The second round of the Justin Timberlake Shriners Hospitals Open is in the books and the TPC Summerlin has taken quite a beating. And the Vegas odds makers say it’s even money they’re going to keep doing it.
The three guys at the top of the leaderboard, Kevin Na, Jhonattan Vegas and Charlie Wi, are at 12-under par. Think about it. On this par 71 golf course, that’s the equivalent of shooting back-to-back 65s…and three guys did that. Not just one, three.
But beyond that, there are 36 guys within 5 shots of the lead. 36. That, in and of itself, is a measure of the depth of the talent on the PGA Tour. Granted, 5 shots was sort of an arbitrary number, but there were 27 within 4 shots.
The reason I said 5-under was kind of arbitrary is because if the three guys at the top are averaging 6-under, then the leaders are well within striking distance by a whole bunch of guys. But beyond that, 15 guys shot 65 or better the first day with Jhonattan Vegas and William McGirt both shooting 63s. And 10 guys did it Friday with Hunter Haas shooting a 61 and Kevin Na a 63.
So this is an amazingly dense cluster of some of the best golf talent in the world. And the consequence of that is that you really have to be well-practiced at staying in the moment because while you are attempting just paying attention to your target and your shot, you know that this big, indefatigable freight train is boring down on you. “All” you need to do is keep making birdies because you know that they will.
And from here, the finish line is still a long ways away. You can’t even think about that either. You have a whole lot of exhausting work to do Saturday, you have to hold it together and try to go much lower again. And then with a little rest, you have to do it all over again on Sunday. Only this time the finish line is looming.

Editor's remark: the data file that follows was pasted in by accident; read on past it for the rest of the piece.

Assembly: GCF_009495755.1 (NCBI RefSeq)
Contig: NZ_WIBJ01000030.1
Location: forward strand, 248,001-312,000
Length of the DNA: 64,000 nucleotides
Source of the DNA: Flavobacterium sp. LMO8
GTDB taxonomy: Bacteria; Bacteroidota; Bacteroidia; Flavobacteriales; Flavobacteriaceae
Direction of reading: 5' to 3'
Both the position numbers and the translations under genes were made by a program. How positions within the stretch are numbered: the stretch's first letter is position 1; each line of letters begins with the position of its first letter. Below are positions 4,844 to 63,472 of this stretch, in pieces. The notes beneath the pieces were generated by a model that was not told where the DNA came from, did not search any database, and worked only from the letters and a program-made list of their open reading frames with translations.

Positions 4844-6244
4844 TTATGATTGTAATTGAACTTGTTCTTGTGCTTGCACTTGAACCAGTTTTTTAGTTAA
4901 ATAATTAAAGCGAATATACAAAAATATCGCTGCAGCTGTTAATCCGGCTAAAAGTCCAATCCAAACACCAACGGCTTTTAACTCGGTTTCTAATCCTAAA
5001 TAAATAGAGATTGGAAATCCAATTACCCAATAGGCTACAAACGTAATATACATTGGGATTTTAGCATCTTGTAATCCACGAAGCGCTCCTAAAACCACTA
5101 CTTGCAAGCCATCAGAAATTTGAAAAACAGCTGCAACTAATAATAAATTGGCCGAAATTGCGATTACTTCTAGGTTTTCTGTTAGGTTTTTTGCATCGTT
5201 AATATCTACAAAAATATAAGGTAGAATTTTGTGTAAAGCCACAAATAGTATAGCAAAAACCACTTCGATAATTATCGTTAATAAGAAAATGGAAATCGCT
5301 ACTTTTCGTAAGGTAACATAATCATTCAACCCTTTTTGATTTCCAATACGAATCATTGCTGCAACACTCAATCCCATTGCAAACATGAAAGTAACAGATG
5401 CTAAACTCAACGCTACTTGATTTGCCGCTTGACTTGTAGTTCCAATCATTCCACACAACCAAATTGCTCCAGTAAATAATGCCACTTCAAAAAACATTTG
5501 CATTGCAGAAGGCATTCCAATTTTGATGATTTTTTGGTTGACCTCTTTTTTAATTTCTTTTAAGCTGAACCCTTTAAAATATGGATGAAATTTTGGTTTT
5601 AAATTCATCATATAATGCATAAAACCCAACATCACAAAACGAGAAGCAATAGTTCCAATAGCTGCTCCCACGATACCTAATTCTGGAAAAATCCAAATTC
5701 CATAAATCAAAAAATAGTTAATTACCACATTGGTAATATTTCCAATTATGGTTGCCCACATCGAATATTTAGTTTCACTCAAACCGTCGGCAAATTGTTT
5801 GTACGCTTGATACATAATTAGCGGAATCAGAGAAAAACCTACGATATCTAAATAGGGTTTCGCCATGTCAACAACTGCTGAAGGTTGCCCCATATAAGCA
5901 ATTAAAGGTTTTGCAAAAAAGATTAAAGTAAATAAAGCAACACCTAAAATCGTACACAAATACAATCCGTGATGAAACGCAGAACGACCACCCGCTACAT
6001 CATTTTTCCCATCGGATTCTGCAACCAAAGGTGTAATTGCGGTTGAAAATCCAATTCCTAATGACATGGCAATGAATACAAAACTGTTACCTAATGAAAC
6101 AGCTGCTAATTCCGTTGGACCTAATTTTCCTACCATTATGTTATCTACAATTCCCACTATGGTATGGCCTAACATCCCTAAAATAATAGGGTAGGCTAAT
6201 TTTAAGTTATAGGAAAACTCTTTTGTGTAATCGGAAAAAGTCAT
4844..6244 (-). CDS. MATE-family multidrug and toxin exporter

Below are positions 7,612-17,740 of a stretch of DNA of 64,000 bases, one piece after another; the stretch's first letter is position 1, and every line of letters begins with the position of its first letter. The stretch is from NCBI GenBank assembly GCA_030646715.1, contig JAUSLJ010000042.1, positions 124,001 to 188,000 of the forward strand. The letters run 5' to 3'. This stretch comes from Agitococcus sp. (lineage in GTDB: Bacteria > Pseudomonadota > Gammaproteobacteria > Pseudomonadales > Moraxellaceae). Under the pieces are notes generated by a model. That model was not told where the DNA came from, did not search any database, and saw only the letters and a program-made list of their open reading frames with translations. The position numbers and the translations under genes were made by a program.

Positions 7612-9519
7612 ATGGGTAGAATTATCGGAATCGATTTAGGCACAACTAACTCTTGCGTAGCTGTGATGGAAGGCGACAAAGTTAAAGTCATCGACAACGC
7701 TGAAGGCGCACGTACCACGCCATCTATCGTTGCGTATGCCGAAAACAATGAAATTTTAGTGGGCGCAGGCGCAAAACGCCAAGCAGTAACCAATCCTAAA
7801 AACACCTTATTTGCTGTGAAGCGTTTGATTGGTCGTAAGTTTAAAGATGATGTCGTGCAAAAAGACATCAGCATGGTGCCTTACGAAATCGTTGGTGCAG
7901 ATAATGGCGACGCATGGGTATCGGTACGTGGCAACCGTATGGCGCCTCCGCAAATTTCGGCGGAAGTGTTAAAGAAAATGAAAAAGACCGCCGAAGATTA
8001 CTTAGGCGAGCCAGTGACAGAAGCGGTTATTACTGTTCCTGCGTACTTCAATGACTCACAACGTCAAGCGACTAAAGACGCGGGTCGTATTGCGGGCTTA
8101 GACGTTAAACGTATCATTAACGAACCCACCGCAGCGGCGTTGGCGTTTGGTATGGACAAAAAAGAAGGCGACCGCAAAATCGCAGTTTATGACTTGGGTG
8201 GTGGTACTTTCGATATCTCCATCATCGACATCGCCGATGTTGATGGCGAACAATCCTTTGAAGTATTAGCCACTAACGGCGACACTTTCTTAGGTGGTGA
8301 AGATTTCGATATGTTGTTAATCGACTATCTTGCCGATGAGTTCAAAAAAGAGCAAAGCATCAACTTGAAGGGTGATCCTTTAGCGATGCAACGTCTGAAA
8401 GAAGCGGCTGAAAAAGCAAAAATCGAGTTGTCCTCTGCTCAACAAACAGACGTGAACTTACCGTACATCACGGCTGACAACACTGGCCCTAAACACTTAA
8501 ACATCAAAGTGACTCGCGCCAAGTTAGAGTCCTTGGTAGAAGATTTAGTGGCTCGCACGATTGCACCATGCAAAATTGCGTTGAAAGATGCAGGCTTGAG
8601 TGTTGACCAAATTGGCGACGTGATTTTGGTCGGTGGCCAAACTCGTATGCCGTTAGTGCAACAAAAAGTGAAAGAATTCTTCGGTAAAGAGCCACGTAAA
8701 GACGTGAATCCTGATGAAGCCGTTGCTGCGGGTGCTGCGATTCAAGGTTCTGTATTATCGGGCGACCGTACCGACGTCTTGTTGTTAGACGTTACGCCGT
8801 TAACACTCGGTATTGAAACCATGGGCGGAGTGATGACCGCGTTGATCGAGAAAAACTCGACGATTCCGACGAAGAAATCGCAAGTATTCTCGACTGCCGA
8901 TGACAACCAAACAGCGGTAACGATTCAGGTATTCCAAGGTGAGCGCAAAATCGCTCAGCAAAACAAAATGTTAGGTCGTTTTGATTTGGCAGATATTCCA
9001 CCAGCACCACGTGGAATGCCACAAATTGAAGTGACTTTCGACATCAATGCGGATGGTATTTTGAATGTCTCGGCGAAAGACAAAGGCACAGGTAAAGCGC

Okay, okay. I can keep it together pretty well and I can easily shoot under par—not sure how much under, but under. And say I get myself within striking distance coming down the home stretch. Unless I’m the guy who shoots 61 on Sunday, because the top of the board is so packed with very close, very good talent, there’s bound to be a playoff.
Playoffs are great for one guy, the winner. The other guy or guys will have worked just as hard and played just as heroically until the bottom fell out. You get so close, your whole body is tingling in anticipation and then your body just gets drained. It’s all part of the process of becoming a Tour pro, failing your way to success.
At the other end of the field, the guys who missed the cut, there are some guys who are in real trouble even with three tournaments to go. Of the guys who missed the cut, 34 of them were already outside of being in the top 125 to keep their cards. So not only are they still outside the number, they spent all that money to show up and play in the tournament (flights, hotels, meals, caddies, etc.) and now they’re going home empty handed.
Most will move right on to the next tournament, because it’s just over in San Martin, California, but some may go home for a couple of days to be with family and save money. When you’re at the bottom of the barrel, you think about saving money.
But you also think about getting a fresh start next week, about the luxury of quality practice time you’ll get with other Tour players and, of course, the possibility that this just might be the week.